On August 28th, 2018, the Nikkei Business Daily (Nikkei Sangyo Shimbun) reported the story of a research breakthrough conducted by Assistant Professor Masaki Ihara of the Institute for Biomedical Sciences.

Dr. Ihara and his team developed a method to efficiently decompose heavy oils with the chlorophyll that plants normally use for photosynthesis. Chlorophyll produces active oxygen when exposed to the sun. The research group discovered that active
oxygen promoted changes in oil-based molecular structures to become more easily decomposed by the microbes inhabiting the sea and soil. This method has a faster decomposition time than other techniques, with the naturally decomposing chlorophyll causing less burden on ecosystems. The potential applications of Dr. Ihara’s discovery are widespread and include the decomposition of heavy oil spills in the sea, soil purification at construction sites, and oil tank cleaning. Since chlorophyll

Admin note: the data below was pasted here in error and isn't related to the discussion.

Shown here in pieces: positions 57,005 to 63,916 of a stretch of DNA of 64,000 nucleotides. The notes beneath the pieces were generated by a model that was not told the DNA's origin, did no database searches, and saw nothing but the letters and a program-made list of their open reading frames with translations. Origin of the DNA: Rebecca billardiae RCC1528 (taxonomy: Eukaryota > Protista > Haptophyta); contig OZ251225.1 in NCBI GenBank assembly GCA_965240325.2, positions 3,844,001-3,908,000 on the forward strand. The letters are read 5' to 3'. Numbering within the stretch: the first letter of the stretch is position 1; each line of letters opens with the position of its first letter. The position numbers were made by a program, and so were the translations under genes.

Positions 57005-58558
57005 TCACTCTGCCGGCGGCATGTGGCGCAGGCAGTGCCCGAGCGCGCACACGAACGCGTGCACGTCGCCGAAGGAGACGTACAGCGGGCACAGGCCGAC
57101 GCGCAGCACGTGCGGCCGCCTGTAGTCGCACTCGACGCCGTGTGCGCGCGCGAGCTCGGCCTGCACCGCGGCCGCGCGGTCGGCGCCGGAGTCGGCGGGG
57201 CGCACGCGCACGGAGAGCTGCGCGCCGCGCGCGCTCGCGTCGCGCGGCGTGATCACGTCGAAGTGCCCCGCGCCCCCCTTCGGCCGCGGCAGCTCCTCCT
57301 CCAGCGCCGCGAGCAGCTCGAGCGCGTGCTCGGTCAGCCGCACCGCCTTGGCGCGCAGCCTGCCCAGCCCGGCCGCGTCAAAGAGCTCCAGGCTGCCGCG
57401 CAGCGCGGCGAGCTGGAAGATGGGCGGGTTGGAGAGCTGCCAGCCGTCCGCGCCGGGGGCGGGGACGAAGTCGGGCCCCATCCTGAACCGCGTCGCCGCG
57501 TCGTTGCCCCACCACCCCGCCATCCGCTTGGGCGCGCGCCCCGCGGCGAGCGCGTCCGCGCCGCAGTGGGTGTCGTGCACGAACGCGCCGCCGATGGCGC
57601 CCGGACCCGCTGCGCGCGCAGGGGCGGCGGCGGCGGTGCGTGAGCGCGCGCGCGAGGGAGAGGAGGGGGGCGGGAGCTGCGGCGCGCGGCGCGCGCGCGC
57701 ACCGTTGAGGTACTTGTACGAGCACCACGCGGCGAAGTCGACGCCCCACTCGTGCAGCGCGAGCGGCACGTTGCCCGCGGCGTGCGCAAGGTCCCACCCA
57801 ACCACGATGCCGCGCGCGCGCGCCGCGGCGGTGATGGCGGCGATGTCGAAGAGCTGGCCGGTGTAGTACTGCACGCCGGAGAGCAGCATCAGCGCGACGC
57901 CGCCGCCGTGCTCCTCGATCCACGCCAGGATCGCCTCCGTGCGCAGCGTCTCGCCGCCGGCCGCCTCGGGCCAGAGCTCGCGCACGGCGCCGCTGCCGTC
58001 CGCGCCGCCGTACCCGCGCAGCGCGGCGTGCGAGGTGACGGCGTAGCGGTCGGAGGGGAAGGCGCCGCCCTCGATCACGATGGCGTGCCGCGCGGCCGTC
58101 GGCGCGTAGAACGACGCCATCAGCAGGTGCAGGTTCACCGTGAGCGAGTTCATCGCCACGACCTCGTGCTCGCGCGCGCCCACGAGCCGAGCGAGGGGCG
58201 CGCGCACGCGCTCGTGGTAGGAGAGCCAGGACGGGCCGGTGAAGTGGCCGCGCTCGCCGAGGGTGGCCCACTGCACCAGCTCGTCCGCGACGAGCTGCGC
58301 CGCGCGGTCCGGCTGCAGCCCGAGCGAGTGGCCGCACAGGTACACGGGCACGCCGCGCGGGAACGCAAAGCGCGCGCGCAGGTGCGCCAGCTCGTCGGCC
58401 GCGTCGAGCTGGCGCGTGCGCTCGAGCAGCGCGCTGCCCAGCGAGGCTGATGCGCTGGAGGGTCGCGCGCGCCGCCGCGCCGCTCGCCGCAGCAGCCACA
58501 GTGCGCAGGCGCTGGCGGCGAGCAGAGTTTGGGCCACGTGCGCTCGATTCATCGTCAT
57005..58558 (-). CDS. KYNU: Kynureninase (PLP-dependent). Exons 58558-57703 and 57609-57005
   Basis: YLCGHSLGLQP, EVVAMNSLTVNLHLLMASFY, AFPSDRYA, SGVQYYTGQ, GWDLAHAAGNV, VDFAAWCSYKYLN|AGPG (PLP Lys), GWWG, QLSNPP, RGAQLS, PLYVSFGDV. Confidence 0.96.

exists in all green plants, the effective utilization of biomass is also expected by extracting chlorophyll from the algae and weeds that grow in lakes.

Further research and development of this method is now underway in coordination with several manufacturers to decrease mass production costs and develop other practical applications.

Dr. Ihara’s research is supported by the project of the Global Aqua Innovation Center for Improving Living Standards and
Water-sustainability from the Center of Innovation Program of the Japan Science and Technology Agency (JST).